Drawer 40: Freshwater Pearls: White

 

“Tell it a Little More Than it is”

My Chinese Apothecary Chest:   in 1994, it arrived via container to California from Hong Kong, where I discovered beading during my husband’s ex-pat assignment.   Serves as the repository for my beads.  Handcrafted.  It has 52 Drawers, mostly sorted by color.

2017 Challenge: Create a Necklace a Week, using only the Beads from one Drawer at a time. Voila!  52 Necklaces!

Week 40/Drawer 40: October 4, 2017: “Tell it a Little More than it is”

Once upon a time, pearls were stratospherically expensive. Only cultured pearls existed; think of black Tahitian pearls harvested by divers, or the Japanese Akoya Oyster pearls in those luscious Mikimoto ads.

Ah, the legends: New York jeweler Jacob Driver was said to have sold a rope (36” to 54”)of pearls in the 1890s for $1.5 million.  Pearls were the most valued type of jewel in the Golden Age (See blog dated July 12, 2017 for more of the excesses of the Golden Age.) Jacques Cartier famously bought the NYC mansion where his iconic Fifth Ave store still stands for a double strand of matched pearls valued at $1 million in 1917.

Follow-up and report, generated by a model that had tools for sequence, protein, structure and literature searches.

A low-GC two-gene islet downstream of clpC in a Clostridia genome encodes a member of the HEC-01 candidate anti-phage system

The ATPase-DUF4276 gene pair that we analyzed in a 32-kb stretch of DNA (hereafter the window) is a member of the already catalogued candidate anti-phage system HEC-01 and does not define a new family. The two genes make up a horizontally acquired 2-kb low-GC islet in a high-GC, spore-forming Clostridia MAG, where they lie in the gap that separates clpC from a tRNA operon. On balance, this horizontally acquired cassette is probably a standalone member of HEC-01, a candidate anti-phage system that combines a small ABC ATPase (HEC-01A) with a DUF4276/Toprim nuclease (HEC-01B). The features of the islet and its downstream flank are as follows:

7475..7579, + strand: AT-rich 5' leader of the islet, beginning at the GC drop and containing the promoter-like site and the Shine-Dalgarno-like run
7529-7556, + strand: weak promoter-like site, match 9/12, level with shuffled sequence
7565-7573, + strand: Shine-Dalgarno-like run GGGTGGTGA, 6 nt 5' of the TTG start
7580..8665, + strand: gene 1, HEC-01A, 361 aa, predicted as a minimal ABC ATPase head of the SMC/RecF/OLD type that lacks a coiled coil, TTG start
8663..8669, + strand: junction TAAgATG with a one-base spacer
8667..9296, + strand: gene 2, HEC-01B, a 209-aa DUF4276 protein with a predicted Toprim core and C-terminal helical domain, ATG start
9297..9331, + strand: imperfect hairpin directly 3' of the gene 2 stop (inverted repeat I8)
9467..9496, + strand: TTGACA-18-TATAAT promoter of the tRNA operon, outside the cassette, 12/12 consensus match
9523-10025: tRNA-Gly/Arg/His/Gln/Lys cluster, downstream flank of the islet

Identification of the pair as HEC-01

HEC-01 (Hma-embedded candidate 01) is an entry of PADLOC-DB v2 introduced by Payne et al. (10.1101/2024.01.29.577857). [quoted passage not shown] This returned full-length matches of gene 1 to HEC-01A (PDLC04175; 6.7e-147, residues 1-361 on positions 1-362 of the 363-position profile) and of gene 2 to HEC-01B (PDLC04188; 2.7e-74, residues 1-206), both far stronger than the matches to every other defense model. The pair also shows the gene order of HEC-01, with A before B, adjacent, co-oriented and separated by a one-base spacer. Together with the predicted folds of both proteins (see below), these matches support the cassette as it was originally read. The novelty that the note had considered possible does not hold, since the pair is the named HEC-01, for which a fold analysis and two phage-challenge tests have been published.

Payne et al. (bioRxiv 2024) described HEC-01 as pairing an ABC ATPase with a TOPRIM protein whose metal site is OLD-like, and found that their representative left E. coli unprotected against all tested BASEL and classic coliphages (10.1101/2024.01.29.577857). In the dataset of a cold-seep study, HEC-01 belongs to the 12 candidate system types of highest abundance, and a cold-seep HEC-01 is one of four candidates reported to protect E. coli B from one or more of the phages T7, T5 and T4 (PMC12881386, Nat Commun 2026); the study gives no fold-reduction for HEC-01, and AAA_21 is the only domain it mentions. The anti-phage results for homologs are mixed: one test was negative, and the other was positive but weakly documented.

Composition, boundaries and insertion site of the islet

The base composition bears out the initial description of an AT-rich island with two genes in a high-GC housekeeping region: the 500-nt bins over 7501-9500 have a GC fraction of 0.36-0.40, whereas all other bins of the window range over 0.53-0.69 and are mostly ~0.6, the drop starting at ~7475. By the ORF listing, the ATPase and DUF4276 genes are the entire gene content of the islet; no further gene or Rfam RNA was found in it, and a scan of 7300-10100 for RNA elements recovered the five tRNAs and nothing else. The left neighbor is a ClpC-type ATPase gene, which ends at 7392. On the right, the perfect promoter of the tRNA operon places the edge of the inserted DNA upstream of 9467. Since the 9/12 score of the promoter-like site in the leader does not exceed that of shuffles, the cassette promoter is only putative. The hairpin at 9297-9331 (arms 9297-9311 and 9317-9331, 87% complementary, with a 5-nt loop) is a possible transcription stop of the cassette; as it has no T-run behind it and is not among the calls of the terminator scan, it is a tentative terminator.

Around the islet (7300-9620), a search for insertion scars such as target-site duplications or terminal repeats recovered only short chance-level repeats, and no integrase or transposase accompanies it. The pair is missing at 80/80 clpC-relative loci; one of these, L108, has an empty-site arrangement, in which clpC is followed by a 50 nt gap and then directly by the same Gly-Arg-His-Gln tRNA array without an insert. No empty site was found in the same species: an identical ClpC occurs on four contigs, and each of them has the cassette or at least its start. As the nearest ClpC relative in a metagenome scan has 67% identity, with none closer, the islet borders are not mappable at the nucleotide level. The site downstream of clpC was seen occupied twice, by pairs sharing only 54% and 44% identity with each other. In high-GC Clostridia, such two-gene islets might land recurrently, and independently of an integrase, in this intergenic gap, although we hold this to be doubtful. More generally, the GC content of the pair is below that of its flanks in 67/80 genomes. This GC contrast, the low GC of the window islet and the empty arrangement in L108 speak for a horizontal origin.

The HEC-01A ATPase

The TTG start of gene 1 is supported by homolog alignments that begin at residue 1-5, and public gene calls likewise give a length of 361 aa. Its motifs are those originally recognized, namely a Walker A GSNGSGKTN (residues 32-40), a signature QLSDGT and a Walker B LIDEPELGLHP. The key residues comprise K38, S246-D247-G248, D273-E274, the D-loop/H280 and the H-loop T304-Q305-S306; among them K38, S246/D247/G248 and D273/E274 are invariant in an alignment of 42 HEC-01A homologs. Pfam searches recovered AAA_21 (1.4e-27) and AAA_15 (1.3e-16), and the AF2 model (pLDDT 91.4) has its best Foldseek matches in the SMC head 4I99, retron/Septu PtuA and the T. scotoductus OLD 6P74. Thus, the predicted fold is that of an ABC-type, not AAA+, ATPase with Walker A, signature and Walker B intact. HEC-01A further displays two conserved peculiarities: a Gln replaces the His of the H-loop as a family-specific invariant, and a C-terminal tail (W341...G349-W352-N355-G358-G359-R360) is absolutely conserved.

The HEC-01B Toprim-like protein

That was then; this is now. In 1979, Japan and the USA developed a method to farm pearls by placing an irritating microscopic object in a mussel, forcing it to develop a nacreous coating over the object.  Freshwater pearls became available to all at reasonable cost.  In the USA, sadly, there is only one still in business, in Tennessee.  China has become the low cost producer and market leader.

“Nacreous” and “iridescent” are the words used to describe freshwater pearls, just like the inside of a mussel shell. There are many colors and shapes.

This necklace features nicely rounded large pearls in a natural white lustre. I wanted to use the copper ceramic piece to hold the pearl strands together, so since six lengths could be jammed in, the resulting necklace has three strands.  I added some dyed copper freshwater pearls in pear shapes as dangles.  And if you look at the clasp end of the necklace, there are some small sparkling glass beads faceted on the top and flat on the bottom—made in the USA for the millinery industry in the 1920s (again, see the July 12 blog!).

The ceramic piece is made by Barbara Hanselman who describes herself as a claysmith. She is smitten with creating in clay and has a fabulous website.  She is based in Cherry Hill, NJ.

This necklace is 22” long and the dangles add 4”.  Copper designer clasp.  Earrings on copper earwires with a pearl and a millinery bead are included.  The set is $149.

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